The temporalities of urban regeneration masterplans lend themselves to the possibility of innovation. This is a characteristic that has become apparent as growing bodies of literature document the potential and impact of ‘the meanwhile’ in urban regeneration. The EU project T-Factor aims at showcasing how cities are collaborating to transfer the knowledge generated after the implementation of meanwhile uses in urban regeneration masterplans. T-Factor concerns itself with unleashing the potential of meanwhile spaces to create thriving, sustainable urban areas by creating and prototyping uses and functions where all stakeholders: governments, development, academia, business, grassroots organisations, and citizens can come together in a collaborative effort.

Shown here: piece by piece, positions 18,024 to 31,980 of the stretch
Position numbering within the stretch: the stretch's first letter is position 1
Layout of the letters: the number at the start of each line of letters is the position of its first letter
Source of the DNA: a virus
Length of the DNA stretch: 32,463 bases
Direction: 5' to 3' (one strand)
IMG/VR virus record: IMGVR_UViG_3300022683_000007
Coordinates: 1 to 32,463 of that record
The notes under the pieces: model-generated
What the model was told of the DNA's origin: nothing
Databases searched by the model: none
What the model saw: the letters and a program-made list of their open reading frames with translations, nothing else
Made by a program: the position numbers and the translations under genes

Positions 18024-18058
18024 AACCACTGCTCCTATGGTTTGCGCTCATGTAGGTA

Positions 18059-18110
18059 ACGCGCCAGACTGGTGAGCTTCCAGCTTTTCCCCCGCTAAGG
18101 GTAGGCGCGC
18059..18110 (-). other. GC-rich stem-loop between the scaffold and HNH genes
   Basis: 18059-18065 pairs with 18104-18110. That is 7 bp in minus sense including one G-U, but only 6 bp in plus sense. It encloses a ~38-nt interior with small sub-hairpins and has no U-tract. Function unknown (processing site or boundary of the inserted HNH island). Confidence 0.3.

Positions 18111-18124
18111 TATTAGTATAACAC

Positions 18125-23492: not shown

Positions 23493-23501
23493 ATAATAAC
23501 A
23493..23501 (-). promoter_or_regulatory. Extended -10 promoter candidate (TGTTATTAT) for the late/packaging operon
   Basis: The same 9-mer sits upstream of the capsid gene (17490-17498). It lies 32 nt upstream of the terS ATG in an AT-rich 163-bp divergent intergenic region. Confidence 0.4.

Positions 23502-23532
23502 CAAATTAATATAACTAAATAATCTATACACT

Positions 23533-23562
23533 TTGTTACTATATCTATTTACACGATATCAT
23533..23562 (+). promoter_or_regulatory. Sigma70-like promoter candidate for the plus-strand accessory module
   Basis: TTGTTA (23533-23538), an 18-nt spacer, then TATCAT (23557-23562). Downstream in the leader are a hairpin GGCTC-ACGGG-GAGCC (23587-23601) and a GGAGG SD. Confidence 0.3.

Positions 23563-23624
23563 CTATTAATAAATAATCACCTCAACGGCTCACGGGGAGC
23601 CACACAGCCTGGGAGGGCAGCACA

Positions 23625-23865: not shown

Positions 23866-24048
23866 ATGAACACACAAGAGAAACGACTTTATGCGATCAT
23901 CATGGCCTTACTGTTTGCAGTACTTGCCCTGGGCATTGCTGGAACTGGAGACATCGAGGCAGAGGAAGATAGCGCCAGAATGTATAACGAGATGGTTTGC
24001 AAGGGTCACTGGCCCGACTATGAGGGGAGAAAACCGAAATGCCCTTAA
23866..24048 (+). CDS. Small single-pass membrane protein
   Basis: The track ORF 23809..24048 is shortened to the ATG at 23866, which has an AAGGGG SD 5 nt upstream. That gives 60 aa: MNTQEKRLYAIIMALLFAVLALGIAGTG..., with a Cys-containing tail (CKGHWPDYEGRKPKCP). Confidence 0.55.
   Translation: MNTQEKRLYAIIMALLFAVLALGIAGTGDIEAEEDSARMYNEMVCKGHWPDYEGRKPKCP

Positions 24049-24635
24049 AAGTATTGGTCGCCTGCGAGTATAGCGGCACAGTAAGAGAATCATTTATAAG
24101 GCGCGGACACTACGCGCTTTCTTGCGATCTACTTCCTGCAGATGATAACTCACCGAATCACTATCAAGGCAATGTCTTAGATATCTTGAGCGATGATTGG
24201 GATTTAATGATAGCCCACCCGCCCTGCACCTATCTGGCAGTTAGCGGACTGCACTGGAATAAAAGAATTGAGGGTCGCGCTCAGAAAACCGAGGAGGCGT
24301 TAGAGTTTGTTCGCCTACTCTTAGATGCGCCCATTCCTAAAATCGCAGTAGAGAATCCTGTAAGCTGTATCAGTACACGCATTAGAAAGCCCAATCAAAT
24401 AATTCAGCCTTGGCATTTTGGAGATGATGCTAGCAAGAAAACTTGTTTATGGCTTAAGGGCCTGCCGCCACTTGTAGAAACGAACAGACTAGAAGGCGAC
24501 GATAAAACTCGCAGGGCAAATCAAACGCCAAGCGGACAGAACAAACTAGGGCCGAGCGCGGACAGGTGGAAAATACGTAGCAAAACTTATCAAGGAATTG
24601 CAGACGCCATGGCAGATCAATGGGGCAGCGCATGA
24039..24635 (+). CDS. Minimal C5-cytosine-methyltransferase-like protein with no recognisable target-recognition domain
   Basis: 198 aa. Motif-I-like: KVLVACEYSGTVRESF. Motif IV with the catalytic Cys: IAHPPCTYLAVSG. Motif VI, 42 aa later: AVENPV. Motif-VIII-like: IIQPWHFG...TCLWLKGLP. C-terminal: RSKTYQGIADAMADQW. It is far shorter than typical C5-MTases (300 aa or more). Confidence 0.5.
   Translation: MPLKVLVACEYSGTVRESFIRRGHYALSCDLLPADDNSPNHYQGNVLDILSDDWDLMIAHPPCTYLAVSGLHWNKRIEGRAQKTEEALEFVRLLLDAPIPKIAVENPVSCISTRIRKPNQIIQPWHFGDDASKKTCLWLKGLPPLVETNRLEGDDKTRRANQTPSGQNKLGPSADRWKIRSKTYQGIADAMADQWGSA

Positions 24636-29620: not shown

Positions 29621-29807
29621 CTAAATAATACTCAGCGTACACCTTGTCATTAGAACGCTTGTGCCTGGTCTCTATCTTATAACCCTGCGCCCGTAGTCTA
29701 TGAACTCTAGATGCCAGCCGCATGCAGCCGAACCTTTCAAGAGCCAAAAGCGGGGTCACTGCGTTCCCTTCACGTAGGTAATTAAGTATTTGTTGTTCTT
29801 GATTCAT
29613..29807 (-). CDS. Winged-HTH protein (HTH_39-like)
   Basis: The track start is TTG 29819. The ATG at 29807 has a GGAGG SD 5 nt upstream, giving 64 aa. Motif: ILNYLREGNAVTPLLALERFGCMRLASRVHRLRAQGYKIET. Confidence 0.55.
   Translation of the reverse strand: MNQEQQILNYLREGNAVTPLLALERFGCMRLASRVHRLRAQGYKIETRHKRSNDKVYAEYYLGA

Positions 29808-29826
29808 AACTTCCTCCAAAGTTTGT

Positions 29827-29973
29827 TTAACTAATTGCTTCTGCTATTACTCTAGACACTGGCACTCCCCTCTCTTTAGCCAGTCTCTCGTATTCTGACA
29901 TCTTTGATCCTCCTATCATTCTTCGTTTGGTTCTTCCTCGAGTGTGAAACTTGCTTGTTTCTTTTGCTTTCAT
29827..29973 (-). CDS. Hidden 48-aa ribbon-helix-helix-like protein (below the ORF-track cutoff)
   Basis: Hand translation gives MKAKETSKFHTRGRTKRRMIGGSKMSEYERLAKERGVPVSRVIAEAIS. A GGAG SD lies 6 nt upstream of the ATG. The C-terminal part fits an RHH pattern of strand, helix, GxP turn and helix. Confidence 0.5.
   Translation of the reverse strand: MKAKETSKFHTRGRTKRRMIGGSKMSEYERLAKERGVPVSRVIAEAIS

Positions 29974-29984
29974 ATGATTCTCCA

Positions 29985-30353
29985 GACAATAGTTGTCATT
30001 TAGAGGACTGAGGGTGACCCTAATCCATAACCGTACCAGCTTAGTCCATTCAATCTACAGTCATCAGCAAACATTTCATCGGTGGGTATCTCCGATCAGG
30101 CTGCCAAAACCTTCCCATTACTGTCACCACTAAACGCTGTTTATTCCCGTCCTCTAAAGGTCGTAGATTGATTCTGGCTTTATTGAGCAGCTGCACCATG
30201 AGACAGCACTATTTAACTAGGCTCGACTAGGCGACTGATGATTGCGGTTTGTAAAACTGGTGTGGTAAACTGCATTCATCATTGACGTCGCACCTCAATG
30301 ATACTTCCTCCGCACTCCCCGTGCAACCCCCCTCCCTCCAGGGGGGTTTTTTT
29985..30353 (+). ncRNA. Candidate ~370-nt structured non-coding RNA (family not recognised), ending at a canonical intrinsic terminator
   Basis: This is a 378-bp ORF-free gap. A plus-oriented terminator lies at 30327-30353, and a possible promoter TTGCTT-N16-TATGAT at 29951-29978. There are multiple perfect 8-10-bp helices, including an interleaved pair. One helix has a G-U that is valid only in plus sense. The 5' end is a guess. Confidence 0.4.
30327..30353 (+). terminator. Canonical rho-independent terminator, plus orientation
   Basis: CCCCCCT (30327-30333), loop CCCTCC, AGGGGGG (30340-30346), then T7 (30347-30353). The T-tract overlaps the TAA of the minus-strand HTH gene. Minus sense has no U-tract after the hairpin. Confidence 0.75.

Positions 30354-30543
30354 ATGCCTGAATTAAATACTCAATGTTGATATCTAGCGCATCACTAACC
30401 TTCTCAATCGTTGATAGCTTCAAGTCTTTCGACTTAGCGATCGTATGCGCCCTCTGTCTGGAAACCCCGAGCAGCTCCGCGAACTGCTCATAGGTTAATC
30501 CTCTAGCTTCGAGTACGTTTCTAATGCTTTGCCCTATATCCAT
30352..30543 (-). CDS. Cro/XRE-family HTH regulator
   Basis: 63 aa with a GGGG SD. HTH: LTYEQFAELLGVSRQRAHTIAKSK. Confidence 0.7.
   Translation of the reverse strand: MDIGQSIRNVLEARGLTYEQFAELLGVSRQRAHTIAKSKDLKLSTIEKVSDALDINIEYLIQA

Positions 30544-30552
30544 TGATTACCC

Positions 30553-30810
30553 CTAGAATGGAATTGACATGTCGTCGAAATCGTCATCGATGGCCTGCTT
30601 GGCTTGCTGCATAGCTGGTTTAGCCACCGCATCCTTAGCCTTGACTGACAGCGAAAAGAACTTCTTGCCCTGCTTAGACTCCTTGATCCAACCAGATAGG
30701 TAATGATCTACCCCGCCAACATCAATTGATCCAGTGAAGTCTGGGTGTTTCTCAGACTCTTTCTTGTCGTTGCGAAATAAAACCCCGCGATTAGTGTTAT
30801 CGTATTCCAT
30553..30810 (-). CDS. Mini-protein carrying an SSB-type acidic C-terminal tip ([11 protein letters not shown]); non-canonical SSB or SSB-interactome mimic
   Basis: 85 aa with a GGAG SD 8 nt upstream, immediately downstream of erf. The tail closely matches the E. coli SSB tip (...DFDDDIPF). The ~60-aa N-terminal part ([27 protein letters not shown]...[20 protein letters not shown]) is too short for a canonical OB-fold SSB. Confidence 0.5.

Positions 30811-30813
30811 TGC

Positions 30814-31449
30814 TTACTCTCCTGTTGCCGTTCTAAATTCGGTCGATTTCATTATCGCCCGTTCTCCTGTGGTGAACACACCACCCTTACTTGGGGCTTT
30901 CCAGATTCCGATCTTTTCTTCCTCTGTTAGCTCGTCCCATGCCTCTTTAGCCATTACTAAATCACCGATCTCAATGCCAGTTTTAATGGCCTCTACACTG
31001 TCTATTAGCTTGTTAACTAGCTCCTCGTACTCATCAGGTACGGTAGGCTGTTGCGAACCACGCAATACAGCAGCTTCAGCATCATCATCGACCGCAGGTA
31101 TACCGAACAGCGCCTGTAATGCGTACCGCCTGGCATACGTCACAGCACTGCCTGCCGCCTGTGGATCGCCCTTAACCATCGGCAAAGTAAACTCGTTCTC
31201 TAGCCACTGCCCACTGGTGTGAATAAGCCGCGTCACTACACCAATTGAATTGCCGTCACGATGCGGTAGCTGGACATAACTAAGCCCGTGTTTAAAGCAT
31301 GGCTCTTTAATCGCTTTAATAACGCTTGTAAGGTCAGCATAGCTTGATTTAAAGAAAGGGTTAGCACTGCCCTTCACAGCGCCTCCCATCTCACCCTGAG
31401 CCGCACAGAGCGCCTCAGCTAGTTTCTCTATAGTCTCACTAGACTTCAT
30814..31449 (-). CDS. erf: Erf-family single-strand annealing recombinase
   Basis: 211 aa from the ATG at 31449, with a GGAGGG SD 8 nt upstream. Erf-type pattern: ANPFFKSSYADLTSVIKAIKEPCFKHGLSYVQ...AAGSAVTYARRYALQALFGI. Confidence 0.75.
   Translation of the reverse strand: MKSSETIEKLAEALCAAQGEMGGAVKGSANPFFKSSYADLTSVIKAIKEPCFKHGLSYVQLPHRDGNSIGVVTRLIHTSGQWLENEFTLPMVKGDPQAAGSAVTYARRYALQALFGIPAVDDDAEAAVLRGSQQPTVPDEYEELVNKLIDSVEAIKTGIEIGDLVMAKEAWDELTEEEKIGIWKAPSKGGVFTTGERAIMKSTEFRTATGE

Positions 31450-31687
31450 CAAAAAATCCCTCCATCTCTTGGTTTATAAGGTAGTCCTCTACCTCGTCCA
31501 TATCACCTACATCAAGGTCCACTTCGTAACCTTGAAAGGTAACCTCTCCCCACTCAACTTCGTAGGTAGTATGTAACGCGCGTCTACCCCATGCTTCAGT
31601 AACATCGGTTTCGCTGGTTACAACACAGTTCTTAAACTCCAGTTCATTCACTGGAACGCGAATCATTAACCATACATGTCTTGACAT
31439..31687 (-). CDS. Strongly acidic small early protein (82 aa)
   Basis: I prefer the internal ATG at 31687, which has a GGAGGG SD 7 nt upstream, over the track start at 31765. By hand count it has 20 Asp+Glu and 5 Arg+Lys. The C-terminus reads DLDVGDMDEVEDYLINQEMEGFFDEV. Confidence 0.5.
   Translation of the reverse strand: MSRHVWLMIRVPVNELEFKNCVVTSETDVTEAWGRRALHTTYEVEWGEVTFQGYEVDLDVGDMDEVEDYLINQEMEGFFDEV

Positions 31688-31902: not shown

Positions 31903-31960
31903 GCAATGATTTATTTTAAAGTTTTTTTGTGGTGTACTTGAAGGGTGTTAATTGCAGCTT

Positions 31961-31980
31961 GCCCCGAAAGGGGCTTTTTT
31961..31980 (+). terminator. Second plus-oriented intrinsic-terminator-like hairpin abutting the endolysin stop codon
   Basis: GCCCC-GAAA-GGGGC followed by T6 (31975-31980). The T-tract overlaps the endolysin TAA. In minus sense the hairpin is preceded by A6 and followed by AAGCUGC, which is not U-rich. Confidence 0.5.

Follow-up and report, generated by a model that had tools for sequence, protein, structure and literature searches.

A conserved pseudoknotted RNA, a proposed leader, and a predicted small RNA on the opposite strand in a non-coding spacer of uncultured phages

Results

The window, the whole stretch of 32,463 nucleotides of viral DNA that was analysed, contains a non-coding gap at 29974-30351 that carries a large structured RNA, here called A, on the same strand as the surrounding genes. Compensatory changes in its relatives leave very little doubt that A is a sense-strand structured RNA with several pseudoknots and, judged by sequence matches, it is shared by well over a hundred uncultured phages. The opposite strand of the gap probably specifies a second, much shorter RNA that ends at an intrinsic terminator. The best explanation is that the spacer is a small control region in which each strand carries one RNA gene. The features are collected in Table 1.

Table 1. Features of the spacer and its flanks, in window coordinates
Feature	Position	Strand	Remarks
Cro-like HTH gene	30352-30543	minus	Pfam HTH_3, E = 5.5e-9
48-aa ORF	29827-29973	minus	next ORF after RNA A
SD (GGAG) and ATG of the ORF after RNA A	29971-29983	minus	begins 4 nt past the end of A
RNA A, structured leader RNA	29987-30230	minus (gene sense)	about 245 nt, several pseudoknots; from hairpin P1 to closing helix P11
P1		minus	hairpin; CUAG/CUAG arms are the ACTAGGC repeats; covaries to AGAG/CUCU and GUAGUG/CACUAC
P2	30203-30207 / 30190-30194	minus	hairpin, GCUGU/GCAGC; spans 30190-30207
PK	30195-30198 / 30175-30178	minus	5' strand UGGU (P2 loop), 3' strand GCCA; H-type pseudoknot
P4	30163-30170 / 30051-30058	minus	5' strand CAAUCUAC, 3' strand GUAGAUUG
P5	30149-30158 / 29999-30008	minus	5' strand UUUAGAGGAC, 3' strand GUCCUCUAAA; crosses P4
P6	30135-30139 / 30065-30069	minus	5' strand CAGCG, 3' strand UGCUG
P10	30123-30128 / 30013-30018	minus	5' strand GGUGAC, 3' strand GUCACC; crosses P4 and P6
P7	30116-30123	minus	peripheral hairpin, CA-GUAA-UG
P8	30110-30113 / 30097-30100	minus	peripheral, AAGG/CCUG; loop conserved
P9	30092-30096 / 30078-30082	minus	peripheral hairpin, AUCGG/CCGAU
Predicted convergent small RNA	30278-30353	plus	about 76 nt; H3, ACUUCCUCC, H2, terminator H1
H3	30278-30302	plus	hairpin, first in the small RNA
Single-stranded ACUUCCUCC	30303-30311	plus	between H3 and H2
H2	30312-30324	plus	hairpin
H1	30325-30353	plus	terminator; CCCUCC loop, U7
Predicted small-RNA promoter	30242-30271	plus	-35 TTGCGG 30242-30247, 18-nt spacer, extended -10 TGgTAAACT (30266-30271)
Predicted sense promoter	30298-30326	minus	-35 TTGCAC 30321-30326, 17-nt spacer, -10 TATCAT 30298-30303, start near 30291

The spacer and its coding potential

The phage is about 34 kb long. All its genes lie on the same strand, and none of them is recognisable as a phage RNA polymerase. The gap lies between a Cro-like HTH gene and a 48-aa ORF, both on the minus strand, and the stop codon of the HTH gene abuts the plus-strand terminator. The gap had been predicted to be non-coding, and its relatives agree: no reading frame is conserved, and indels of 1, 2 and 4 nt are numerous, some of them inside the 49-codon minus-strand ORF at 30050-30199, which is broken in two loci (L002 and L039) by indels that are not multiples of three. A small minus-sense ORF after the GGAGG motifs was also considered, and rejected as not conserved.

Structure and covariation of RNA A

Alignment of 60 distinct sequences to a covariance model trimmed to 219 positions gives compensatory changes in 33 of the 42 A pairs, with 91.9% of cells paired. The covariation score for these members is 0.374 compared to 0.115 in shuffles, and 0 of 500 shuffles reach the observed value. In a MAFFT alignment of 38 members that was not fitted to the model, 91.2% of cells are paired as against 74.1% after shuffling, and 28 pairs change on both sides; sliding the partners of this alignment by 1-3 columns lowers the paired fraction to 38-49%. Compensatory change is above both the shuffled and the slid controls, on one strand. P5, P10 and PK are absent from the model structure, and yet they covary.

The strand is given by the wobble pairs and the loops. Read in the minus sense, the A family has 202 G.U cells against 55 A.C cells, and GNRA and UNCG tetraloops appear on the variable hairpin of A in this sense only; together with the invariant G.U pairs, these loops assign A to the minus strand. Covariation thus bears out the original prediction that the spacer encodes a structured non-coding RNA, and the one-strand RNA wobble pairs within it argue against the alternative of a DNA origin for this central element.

This report is the result of one of the initial knowledge mining stages of the T-Factor project in which advance case study cities, that is, cities that have already been through an urban regeneration masterplan, recollect their experiences and knowledge in an attempt to transfer their learned lessons in a pragmatic, applicable way for a series of pilot cities which are undergoing transformation themselves.
This Working Paper introduces the case of Dortmund, namely that of the Rheinische Straße urban regeneration and the Dortmunder U. It does this by presenting a comprehensive overview of the context, chronology, stakeholders, results impacts, and critical elements pertaining to each of the meanwhile uses that occurred during the urban regeneration. This overview is cemented primarily in an extensive literary documentation and the interviewing of stakeholders.